Annals of the Rheumatic Diseases | Year: 2012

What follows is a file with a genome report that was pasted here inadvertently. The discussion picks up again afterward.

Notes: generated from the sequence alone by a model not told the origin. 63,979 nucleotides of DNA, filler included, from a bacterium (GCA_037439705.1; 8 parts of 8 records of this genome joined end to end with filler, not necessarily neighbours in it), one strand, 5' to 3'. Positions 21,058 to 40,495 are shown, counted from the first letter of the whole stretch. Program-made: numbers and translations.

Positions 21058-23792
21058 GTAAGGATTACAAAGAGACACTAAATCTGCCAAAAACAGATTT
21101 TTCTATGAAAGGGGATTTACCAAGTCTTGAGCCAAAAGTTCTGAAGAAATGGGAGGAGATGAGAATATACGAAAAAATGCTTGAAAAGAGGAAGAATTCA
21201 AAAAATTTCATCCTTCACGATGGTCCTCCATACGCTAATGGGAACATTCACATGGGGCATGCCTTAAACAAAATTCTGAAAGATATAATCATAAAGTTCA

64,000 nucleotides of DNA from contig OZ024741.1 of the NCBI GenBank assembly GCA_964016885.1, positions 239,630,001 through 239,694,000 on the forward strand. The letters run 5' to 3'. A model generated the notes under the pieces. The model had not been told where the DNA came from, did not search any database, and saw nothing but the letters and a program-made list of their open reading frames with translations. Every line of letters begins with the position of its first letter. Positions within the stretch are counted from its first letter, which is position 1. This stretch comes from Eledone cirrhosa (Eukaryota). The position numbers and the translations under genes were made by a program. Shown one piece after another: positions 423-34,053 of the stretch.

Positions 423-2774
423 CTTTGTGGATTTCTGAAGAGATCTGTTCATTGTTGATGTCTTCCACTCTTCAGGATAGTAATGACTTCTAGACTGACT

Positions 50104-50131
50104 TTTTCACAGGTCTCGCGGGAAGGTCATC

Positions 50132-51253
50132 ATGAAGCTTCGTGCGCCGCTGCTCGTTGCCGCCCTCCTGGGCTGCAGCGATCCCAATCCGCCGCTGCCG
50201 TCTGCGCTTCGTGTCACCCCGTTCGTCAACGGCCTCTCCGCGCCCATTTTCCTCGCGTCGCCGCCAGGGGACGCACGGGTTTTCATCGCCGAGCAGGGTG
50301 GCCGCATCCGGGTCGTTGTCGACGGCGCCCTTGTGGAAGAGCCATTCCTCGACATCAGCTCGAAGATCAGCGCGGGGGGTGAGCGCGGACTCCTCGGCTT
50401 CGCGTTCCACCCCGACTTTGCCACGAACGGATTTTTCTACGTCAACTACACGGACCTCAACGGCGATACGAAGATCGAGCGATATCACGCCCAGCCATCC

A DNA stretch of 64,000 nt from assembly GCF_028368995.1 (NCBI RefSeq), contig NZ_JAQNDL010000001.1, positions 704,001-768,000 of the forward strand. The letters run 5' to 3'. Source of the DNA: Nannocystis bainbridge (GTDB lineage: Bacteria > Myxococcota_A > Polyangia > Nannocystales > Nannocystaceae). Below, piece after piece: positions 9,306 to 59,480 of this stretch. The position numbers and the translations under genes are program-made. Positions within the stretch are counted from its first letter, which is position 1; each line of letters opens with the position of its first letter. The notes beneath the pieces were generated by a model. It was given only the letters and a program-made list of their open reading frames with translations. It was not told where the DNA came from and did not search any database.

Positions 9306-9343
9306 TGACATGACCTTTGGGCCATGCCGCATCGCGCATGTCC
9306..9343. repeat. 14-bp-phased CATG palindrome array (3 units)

Objective: To investigate the influence of non-steroidal anti-inflammatory drugs (NSAIDs) intake on radiographic spinal progression over 2 years in patients with ankylosing spondylitis (AS) and non-radiographic axial spondyloarthritis (SpA). Methods: 164 patients with axial SpA (88 with AS and 76 with non-radiographic axial SpA) were selected for this analysis based on availability of spinal radiographs at baseline and after 2 years of follow-up and the data on NSAIDs intake. Spinal radiographs were scored by two trained readers in a concealed randomly selected order according to the modified Stoke Ankylosing Spondylitis Spine Score (mSASSS) system. An index of the NSAID intake counting both dose and duration of drug intake was calculated. Results: High NSAIDs intake (NSAID index≥50) in AS was associated with lower likelihood of significant radiographic progression defined as an mSASSS worsening by ≥2 units: OR=0.15, 95% CI 0.02 to 0.96, p=0.045 (adjusted for baseline structural damage, elevated C reactive protein (CRP) and smoking status) in comparison with patients with low NSAIDs intake (NSAID index<50). This effect was most pronounced in patients with baseline syndesmophytes plus elevated CRP: mean mSASSS progression was 4.36±4.53 in patients with low NSAIDs intake versus 0.14±1.80 with high intake, p=0.02. In non-radiographic axial SpA, no significant differences regarding radiographic progression between patients with high and low NSAIDs intake were found. Conclusion: A high NSAIDs intake over 2 years is associated with retarded radiographic spinal progression in AS. In non-radiographic axial SpA this effect is less evident, probably due to a low grade of new bone formation in the spine at this stage..